7.5 Message Formatting ......................................................................... 409
7.5.1 Formatting Numbers and Dates ........................................ 409
7.5.2 Choice Formats ................................................................... 411
7.6 Text Input and Output ..................................................................... 413
7.6.1 Text Files .............................................................................. 414
7.6.2 Line Endings ........................................................................ 414
7.6.3 The Console ........................................................................ 414
7.6.4 Log Files ............................................................................... 415
7.6.5 The UTF-8 Byte Order Mark .............................................. 415
7.6.6 Character Encoding of Source Files .................................. 416
7.7 Resource Bundles ............................................................................. 417
7.7.1 Locating Resource Bundles ................................................ 417
7.7.2 Property Files ...................................................................... 418
7.7.3 Bundle Classes .................................................................... 419
7.8 A Complete Example ....................................................................... 421
Chapter 8: Scripting, Compiling, and Annotation Processing ................ 439
8.1 Scripting for the Java Platform ....................................................... 440
8.1.1 Getting a Scripting Engine ................................................. 440
8.1.2 Script Evaluation and Bindings ......................................... 441
8.1.3 Redirecting Input and Output ........................................... 444
8.1.4 Calling Scripting Functions and Methods ........................ 444
8.1.5 Compiling a Script .............................................................. 446
8.1.6 An Example: Scripting GUI Events ................................... 447
8.2 The Compiler API ............................................................................ 452
8.2.1 Invoking the Compiler ....................................................... 453
8.2.2 Launching a Compilation Task ......................................... 453
8.2.3 Capturing Diagnostics ........................................................ 454
8.2.4 Reading Source Files from Memory ................................. 454
8.2.5 Writing Byte Codes to Memory ........................................ 455
8.2.6 An Example: Dynamic Java Code Generation ................ 457
8.3 Using Annotations ............................................................................ 463
8.3.1 An Introduction into Annotations .................................... 464
8.3.2 An Example: Annotating Event Handlers ........................ 465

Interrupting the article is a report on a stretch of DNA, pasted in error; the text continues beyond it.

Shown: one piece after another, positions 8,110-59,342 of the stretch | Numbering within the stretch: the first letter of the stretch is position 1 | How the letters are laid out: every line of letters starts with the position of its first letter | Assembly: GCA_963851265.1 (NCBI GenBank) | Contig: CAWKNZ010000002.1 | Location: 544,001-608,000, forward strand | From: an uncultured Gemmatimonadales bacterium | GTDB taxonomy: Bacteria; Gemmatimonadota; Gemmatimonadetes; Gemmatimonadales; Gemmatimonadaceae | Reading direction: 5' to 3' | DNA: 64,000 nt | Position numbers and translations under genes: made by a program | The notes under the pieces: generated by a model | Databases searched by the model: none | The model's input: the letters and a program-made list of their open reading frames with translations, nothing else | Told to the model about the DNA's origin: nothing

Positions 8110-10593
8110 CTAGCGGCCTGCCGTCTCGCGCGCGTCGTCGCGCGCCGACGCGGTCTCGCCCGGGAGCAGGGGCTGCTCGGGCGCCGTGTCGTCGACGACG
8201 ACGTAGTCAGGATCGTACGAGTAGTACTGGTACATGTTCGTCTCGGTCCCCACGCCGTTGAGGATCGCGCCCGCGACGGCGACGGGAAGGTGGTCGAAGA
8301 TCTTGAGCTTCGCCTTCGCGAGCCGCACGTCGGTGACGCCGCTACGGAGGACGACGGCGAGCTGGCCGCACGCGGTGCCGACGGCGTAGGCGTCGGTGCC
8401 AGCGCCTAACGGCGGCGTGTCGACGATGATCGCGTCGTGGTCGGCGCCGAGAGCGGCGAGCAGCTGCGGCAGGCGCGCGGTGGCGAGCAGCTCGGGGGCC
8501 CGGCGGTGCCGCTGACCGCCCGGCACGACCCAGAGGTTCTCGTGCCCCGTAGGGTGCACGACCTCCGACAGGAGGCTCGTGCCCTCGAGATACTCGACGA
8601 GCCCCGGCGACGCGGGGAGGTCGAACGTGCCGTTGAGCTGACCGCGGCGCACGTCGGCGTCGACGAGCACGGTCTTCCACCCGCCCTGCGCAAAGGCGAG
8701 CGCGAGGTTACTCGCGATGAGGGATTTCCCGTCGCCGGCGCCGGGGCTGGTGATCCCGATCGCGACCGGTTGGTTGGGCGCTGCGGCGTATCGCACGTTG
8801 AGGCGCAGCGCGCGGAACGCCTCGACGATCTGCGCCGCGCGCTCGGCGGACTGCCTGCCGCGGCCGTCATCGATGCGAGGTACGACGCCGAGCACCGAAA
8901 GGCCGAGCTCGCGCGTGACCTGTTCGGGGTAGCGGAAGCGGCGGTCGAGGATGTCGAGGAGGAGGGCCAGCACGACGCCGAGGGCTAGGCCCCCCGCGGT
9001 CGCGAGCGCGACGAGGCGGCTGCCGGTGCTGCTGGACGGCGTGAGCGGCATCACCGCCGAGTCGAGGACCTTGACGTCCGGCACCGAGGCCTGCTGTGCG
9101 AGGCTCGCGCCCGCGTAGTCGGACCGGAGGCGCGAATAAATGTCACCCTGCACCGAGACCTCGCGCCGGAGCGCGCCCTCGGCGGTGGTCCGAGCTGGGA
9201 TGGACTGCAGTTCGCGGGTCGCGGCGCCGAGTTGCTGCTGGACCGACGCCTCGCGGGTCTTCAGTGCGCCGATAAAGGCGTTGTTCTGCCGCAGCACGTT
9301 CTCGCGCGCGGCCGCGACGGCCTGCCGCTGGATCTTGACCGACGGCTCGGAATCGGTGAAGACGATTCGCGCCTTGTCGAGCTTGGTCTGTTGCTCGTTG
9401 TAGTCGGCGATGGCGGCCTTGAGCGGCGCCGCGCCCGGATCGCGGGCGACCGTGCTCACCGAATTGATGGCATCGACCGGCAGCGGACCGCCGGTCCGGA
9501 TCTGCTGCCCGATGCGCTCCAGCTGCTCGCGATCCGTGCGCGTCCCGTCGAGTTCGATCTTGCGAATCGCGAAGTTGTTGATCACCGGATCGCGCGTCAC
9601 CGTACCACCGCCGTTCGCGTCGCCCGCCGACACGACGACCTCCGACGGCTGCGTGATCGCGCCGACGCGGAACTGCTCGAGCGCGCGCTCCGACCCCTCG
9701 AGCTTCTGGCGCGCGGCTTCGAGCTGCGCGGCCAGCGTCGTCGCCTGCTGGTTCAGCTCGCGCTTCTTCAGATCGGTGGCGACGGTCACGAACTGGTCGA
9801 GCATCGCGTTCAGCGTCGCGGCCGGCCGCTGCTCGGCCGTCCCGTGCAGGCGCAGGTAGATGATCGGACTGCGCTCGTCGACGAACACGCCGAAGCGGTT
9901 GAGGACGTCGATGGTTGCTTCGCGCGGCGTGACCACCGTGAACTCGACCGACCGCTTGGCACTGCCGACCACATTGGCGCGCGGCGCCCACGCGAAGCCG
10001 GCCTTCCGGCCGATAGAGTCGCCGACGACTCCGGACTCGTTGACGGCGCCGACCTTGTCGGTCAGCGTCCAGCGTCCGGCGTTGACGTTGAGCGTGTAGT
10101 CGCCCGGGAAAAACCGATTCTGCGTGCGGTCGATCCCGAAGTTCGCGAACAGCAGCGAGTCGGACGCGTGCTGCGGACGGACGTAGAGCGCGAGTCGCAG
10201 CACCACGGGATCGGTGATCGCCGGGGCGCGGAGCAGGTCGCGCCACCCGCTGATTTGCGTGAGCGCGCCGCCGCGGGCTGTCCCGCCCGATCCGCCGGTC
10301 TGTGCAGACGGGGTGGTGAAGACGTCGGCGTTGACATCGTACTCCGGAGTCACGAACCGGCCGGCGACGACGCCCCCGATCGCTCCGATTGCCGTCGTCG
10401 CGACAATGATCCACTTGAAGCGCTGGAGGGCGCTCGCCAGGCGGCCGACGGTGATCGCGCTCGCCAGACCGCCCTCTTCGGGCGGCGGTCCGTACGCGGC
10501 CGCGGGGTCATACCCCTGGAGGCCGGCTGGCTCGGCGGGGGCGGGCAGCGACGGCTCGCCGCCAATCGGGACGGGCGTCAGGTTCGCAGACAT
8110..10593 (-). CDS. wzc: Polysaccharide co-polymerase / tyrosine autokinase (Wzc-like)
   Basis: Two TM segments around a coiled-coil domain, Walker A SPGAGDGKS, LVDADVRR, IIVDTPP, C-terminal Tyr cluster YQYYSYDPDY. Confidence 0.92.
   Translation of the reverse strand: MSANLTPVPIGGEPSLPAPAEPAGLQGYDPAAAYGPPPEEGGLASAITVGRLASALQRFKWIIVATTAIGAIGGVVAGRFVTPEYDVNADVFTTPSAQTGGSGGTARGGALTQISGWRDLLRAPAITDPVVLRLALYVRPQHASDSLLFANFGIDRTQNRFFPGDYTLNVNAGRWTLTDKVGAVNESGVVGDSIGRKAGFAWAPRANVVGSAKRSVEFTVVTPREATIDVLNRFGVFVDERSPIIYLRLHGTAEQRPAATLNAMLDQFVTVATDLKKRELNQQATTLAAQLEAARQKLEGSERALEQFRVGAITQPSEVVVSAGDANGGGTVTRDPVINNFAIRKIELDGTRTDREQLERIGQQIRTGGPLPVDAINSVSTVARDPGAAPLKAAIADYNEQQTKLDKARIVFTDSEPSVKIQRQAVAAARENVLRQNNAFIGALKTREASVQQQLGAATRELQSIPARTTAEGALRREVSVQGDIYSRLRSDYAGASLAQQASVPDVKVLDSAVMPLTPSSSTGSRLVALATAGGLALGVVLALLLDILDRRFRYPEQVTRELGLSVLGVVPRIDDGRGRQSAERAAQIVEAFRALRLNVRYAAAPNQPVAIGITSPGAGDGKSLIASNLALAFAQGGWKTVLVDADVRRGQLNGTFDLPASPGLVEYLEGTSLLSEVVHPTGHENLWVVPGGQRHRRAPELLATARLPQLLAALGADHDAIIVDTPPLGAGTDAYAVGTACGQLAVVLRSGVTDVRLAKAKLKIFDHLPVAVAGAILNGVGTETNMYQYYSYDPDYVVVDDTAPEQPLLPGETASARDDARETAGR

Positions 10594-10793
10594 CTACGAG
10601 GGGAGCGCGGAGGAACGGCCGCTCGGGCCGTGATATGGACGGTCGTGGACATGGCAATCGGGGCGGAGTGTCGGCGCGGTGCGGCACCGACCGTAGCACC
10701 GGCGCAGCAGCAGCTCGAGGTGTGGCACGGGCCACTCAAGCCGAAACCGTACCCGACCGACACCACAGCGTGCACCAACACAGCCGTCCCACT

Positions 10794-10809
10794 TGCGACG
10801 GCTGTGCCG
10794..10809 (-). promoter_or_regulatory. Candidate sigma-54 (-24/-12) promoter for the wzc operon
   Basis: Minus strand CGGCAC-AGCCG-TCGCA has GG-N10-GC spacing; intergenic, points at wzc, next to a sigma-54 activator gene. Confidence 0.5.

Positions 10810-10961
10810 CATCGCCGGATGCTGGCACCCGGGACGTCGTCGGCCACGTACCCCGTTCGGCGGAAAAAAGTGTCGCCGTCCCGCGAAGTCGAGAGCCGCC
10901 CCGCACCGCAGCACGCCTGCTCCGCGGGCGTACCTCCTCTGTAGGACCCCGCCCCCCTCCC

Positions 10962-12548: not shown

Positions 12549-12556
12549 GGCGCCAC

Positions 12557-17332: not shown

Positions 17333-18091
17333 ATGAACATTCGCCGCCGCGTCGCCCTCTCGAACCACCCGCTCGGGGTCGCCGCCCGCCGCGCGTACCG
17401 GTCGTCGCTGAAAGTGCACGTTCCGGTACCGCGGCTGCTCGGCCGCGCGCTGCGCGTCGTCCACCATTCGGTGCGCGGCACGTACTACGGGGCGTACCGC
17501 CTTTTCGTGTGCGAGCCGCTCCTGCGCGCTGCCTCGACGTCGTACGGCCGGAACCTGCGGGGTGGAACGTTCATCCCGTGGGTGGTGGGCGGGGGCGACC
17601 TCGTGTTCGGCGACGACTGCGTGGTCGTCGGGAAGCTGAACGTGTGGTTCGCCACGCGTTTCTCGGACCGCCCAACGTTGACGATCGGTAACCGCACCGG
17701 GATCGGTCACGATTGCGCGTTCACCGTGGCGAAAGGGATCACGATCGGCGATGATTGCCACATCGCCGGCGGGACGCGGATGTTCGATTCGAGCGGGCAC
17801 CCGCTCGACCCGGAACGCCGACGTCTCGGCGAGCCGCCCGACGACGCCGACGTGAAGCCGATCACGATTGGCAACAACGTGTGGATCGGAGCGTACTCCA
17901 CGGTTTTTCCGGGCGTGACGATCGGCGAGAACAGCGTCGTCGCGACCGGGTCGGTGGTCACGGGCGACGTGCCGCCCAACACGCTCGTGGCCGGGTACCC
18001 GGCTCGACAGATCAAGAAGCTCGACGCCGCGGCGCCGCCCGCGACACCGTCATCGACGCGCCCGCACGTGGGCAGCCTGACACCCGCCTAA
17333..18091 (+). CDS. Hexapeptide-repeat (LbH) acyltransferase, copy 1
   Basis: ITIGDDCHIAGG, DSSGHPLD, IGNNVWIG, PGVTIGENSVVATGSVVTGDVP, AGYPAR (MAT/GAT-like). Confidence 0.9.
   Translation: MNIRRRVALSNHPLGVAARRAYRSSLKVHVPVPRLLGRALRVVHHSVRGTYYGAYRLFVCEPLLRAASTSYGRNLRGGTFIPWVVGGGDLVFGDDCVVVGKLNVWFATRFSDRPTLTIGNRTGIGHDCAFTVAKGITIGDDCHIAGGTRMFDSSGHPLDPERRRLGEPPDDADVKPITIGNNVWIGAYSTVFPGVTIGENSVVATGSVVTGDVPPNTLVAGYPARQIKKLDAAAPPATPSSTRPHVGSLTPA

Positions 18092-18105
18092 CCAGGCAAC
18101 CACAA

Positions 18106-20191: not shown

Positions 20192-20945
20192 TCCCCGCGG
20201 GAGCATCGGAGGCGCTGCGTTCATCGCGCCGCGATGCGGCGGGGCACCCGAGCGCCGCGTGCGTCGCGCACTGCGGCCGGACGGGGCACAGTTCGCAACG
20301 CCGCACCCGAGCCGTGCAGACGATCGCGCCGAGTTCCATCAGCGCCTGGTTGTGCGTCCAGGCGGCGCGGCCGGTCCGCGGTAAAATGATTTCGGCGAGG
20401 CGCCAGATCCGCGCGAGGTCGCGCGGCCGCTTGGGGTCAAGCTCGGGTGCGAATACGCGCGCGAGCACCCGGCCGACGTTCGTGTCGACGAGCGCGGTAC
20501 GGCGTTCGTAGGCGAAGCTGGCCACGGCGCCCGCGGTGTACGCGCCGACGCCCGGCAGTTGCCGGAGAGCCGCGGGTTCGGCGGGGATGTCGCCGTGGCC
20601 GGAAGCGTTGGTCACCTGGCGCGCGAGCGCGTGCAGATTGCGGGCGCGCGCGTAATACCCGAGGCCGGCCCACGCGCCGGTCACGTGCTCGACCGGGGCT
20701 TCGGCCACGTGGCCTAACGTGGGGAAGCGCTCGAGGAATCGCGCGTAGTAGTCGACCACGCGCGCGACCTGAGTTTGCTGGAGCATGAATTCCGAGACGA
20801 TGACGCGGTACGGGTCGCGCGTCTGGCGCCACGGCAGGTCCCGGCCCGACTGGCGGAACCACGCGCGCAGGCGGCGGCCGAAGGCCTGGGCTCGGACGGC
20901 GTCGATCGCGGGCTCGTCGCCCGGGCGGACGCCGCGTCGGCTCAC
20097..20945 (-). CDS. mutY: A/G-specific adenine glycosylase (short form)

8.4 Annotation Syntax ............................................................................ 471
8.4.1 Annotation Interfaces ......................................................... 471
8.4.2 Annotations ......................................................................... 473
8.4.3 Annotating Declarations .................................................... 475
8.4.4 Annotating Type Uses ........................................................ 476
8.4.5 Annotating this .................................................................... 477
8.5 Standard Annotations ...................................................................... 478
8.5.1 Annotations for Compilation ............................................. 480
8.5.2 Annotations for Managing Resources .............................. 480
8.5.3 Meta-Annotations ............................................................... 481
8.6 Source-Level Annotation Processing .............................................. 484
8.6.1 Annotation Processors ....................................................... 484
8.6.2 The Language Model API .................................................. 485
8.6.3 Using Annotations to Generate Source Code ................. 486
8.7 Bytecode Engineering ...................................................................... 489
8.7.1 Modifying Class Files ......................................................... 490
8.7.2 Modifying Bytecodes at Load Time .................................. 495
Chapter 9: The Java Platform Module System ......................................... 499
9.1 The Module Concept ....................................................................... 500
9.2 Naming Modules .............................................................................. 501
9.3 The Modular “Hello, World!” Program .......................................... 502
9.4 Requiring Modules ........................................................................... 504
9.5 Exporting Packages .......................................................................... 506
9.6 Modular JARs .................................................................................... 510
9.7 Modules and Reflective Access ....................................................... 511
9.8 Automatic Modules .......................................................................... 515
9.9 The Unnamed Module ..................................................................... 517
9.10 Command-Line Flags for Migration ............................................... 518